This is additive to the flash's built-in compensation dial, that is -- if you set flash to -1 and body to -2, that's effectively -2. I believe if you're using two flashes, you could set each separately with different FEC settings and/or contrast-control settings, and then control all of them from the body. For example, Flash 1 is set with 0.0 FEC, Flash 2 with -1 FEC. On the camera body you dial FEC to -1, so effectively F1 is now -1, and F2 is now -2. What exactly you get when you do this and set contrast-control as well, I don't know exactly, though I think there will be an effect. I have typically not used contrast control as much as just either using manual mode or FEC on the off-camera flashes to control output.
    When I'm doing this kind of multi-flash setup P-TTL (including contrast-control) sort of works but if I'm shooting something where I have the freedom of a little trial and error, manual flash tends to be more consistent & repeatable if flashes-to-subject distance is constant.
    I think the reason Jemal is asking about which 50mm lens is that with old manual-focus lenses, flashes may always fire full-power.
    Sample pics might help us understand what kind of lighting conditions you're shooting in and whether we think what flash & camera are doing is reasonable/predictable or not.
  6. I replicated the situation (with a K-5) and the output adjustment seemed to work correctly. It worked correctly doing the adjustment on the camera, too.
    But your problem may arise from the environment where you are doing this. Is it indoors or in open air? Indoors the flash is more certain to get the adjustment signals (small flashes) from the camera, in open air or a large room they may get lost and it just gets the one telling it to fire up.
    The 540 GFz should be a little bit in front of the camera, preferably with the sensor (under the dark red window) turned towards the camera. I mostly use a homemade extra diffusor on the camera flash to make sure it carries the signal sideways.
    In theory at least you could be too close to your subject, too, and then the flash simply doesn't have any lower output level to offer. But with ISO 100 and f 5.6 that doesn't seem likely.
    And you have set Custom function Nr 21 to Off, as you should have? Otherwise what you see may be mostly the light from the built-in flash. Being able to use it only as controller is a nice feature.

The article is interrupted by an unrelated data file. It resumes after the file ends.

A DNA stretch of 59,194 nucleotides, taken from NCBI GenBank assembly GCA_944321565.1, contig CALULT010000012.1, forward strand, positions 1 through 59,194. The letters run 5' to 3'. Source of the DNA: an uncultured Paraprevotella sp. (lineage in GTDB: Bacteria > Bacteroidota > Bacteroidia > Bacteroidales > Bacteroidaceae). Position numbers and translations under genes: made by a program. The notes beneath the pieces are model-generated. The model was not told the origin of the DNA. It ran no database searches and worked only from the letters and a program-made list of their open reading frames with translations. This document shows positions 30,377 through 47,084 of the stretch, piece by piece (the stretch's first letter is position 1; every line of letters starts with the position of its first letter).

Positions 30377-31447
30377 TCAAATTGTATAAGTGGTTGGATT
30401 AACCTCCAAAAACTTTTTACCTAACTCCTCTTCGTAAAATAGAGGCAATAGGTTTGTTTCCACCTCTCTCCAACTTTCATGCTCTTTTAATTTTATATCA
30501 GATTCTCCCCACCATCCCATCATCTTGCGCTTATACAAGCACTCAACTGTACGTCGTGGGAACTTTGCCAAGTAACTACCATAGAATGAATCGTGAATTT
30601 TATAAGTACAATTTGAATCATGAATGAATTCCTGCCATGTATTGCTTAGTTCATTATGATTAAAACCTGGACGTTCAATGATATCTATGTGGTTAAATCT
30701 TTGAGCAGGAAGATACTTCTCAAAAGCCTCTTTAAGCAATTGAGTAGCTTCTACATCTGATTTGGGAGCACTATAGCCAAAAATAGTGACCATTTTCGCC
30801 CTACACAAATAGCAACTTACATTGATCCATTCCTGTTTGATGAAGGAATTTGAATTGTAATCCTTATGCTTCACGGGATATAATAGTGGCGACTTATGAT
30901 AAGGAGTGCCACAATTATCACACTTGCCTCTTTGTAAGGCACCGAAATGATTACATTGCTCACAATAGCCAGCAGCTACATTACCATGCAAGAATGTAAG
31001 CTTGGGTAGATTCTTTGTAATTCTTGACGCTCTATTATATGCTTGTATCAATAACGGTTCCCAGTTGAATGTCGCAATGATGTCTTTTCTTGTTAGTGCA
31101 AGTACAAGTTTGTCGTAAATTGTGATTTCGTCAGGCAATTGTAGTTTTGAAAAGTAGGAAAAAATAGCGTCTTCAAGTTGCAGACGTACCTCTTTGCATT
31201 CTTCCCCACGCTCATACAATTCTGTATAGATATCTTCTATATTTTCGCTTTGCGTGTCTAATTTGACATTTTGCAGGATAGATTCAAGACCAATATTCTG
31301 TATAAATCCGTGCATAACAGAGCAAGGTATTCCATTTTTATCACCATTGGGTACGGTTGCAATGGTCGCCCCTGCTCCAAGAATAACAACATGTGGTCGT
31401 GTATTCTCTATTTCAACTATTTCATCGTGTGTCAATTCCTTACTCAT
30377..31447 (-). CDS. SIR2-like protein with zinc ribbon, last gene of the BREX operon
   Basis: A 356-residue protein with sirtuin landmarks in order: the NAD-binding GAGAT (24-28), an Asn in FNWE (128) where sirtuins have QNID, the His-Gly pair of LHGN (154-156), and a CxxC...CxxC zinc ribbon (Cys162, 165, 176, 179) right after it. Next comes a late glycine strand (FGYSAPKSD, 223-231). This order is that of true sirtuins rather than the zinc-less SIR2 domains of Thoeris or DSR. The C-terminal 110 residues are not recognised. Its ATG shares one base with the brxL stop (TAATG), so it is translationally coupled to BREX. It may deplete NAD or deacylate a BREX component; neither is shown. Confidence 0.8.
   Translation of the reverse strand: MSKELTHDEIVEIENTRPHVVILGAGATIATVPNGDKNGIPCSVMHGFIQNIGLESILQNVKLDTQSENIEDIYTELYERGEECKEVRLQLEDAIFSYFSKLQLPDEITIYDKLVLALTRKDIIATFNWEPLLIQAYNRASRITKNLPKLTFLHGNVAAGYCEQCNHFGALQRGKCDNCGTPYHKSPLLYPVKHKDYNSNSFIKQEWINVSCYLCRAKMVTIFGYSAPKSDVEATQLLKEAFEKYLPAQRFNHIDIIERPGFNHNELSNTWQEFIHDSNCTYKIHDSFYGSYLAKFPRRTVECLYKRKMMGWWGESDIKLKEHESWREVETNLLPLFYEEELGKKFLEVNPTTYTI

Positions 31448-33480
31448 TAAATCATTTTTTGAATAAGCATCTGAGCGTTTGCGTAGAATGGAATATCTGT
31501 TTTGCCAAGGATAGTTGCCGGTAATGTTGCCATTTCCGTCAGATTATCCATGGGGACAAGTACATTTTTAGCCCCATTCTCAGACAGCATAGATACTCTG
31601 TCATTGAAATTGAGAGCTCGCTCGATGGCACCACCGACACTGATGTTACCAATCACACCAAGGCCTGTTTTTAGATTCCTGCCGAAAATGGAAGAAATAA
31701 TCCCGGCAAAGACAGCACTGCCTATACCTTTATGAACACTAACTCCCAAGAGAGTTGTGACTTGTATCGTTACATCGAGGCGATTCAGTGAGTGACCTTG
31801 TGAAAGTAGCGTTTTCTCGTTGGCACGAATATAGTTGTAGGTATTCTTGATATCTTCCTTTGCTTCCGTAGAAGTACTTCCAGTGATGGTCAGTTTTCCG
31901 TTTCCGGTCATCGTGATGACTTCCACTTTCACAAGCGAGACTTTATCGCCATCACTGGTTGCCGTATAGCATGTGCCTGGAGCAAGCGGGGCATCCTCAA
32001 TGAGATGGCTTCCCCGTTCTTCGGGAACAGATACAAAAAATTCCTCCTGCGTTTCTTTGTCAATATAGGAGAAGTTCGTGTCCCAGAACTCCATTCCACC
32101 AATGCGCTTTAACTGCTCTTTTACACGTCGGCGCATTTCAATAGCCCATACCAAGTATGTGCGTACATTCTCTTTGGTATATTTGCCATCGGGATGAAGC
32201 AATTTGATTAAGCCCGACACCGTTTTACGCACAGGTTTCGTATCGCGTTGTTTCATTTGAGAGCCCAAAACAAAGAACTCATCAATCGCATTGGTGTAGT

7. Jemal;
    180 is the flash sync speed. I'm using a 16-50 f2.8 DA*. I can turn the flash up to high-speed sync mode, lessening the amount of light reaching the sensor by using higher shutterspeeds, but short of manipilating the amount of exposure, there is no decreasing the flash intensity, and that is what I am interested in doing.
    I'll spend some time this next week and reshoot, seeing if there is something I missed.
  8. I've been shooting K10s with 540 flashes for over 5 years, and I never use X...
    1/180 is the FASTEST shutter speed you can use, not the ONLY shutter speed you can use. I almost never run that fast indoors. Slowing the shutter speed down (a.k.a. dragging the shutter) will let more ambient light come up in the shadows.
    Shutter speed only controls ambient light, not flash exposure.
  9. Agree with Matt, if anything you can often get away with even slower than normal speeds, relying on the short flash duration to freeze the action. That said, while experimenting with flash output levels, locking shutter, aperture, and ISO is probably a good idea.
    Also, note that the custom setting to make the built-in flash a controller will not completely eliminate its contribution to the image, but will reduce it significantly. I have sometimes used a white card to 'bounce' its output away from the subject even though it's configured as controller. This is probably more of a concern for relatively close subjects without much ambient light.
  10. Well, this was shot in a confined space controlling the output of the wireless flash. No ambient light to speak of. Flash output +1, 0, -1 and -2 stops, PTT-L, the built-in as controller. Lens FA 1,4/50.
    Output ratio on the 540 at 1/1 in all shots.

    The shutter speed is not the problem, and assume Don uses 1/180 because that's what he wants to do.
  11. I initially misread the problem/question. Sorry. I do have a question. Does your K-5 have the shadow adjustment/highlight protection settings turned on? It could be that those settings are throwing off the flash when used wirelessly. I ask because you said that " the shadows were not less intense, just less exposed." Just curious. My 540 flash is broken (I need the hot shoe replaced - I broke it), and I don't have it with me currently anyway.
  12. Jemal;
    I checked and both highlight and shadow correction are turned off; should they be on? There are so many different settings and senarios that figuring out all this camera can do will take a very long time!

Share This Page